We're doing something a bit unusual this week on the Classic Mysteries podcast: for once, we're reviewing something that's quite new - in fact, it has just been published this month.
The reason for writing about R. T. Raichev's new mystery, The Riddle of Sphinx Island, is that it really looks back at the great classic mysteries - in particular, one of my all-time favorites, Agatha Christie's "And Then There Were None." Raichev uses the Christie novel as a jumping-off point for a book that quite lovingly pokes fun at many of the classic mystery conventions - and does so with a great deal of respect.
The story? Well, it features a librarian-turned-detective-story-writer, Antonia Darcy, and her husband, Major Hugh Payne. They are invited to travel to Sphinx Island, a remote and isolated island in Devon. They are told that their presence is needed there to prevent a murder from happening.
Now Darcy and Payne are pretty well acquainted with the classic mystery plots. To them, "Sphinx Island" sounds a great deal like Christie's "Indian Island," where the isolated guests found themselves cut off from the outside world with a murderer who appeared bent on killing all of them. Darcy and Payne are - to put it politely - skeptical; they are pretty sure they are being set up by their friends for some kind of murder mystery game, one of those "murder weekends" perhaps where a murder is play-acted. Nevertheless, they go.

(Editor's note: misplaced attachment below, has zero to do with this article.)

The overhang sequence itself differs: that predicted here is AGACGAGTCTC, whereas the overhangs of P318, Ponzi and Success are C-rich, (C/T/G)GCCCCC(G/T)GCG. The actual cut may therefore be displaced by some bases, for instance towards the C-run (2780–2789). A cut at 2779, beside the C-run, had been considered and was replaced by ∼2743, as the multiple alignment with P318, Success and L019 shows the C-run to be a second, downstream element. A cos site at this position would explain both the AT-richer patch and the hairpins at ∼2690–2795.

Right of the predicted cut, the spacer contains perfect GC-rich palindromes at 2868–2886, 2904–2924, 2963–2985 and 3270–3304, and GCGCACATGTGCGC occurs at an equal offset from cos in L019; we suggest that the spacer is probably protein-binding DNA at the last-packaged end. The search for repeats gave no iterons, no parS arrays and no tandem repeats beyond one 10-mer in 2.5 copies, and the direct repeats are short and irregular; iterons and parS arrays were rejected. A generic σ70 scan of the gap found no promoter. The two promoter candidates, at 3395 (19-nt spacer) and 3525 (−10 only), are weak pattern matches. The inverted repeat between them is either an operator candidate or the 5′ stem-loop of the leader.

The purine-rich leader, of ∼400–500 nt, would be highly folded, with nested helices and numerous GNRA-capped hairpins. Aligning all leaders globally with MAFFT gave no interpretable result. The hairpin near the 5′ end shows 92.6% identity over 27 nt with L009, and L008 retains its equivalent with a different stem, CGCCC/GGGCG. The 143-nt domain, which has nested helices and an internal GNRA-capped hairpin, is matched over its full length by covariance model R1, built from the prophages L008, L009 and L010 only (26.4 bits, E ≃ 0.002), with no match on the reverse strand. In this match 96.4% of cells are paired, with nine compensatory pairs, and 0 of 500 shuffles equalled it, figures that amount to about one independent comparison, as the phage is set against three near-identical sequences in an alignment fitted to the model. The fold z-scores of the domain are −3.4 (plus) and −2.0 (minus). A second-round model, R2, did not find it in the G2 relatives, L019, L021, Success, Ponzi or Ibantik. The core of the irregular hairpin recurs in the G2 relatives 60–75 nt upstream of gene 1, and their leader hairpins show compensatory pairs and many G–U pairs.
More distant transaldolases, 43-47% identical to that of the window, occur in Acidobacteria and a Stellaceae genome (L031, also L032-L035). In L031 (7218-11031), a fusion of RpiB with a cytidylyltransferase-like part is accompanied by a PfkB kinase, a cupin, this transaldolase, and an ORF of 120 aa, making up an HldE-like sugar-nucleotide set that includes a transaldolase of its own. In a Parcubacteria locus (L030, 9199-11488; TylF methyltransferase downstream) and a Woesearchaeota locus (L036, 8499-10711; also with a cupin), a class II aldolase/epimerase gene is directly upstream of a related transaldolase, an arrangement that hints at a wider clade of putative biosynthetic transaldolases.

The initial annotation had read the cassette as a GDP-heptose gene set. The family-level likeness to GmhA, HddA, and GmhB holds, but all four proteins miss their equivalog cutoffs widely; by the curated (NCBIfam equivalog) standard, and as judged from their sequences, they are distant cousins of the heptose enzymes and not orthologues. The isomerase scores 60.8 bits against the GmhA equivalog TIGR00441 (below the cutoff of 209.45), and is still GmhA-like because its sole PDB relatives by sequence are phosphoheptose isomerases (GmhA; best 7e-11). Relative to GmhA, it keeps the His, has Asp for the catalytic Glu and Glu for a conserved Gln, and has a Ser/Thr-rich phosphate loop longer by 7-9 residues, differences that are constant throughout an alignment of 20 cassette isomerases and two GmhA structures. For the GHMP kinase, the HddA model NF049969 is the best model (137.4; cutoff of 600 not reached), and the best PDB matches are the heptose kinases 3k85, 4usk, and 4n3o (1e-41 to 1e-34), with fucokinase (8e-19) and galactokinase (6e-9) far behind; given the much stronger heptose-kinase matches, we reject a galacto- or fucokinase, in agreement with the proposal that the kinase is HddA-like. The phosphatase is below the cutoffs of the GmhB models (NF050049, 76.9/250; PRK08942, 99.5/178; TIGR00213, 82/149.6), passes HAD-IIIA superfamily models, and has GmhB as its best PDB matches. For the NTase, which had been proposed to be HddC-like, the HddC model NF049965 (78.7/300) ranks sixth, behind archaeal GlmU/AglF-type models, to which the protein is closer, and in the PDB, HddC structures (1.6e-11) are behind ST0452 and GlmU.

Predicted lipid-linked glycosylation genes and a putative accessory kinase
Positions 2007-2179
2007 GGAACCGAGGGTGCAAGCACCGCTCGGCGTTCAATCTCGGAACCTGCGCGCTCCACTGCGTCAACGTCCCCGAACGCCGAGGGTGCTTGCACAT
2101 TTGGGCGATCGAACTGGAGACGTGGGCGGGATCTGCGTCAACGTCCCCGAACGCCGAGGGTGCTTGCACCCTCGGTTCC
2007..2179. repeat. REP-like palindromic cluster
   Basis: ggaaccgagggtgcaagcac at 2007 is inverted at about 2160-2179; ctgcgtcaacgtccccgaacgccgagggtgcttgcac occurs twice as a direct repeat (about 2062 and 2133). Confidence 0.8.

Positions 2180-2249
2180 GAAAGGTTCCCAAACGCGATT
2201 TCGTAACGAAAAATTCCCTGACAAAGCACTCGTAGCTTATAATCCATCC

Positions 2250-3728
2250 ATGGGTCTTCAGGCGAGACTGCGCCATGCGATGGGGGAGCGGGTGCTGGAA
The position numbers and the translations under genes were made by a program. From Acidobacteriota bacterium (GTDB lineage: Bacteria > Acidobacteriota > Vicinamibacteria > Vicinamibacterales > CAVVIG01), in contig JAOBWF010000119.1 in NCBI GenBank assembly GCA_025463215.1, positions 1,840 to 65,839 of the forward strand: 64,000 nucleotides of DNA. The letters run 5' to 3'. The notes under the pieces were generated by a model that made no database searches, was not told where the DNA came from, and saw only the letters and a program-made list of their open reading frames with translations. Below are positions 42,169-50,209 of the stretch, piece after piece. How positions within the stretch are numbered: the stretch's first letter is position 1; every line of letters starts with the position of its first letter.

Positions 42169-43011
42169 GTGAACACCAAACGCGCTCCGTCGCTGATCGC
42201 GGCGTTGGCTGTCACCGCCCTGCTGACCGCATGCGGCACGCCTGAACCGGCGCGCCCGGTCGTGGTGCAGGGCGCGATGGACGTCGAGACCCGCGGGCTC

What do they find when they get to Sphinx Island? You're going to have to read the book to find out. Suffice to say that it certainly isn't what they expected...and the reader will find a great many twists along the way; just when you think you know what's really going on...well, you don't.
What's really important here, though, is the tongue-in-cheek and rather loving look at the classics of mystery fiction. Even the chapter titles are taken from the names of classic mysteries (although I really never had thought of Kafka as a classic mystery writer).
I'll have more to say about The Riddle of Sphinx Island on the podcast, and you can listen to the full review by clicking here.
This book is the eighth in a series of cozy mysteries featuring Antonia Darcy and Major Payne, and I'm told there are more on their way from their publisher, The Mystery Press. The book is distributed by Trafalgar Square Publishing, which provided me with a copy for this review.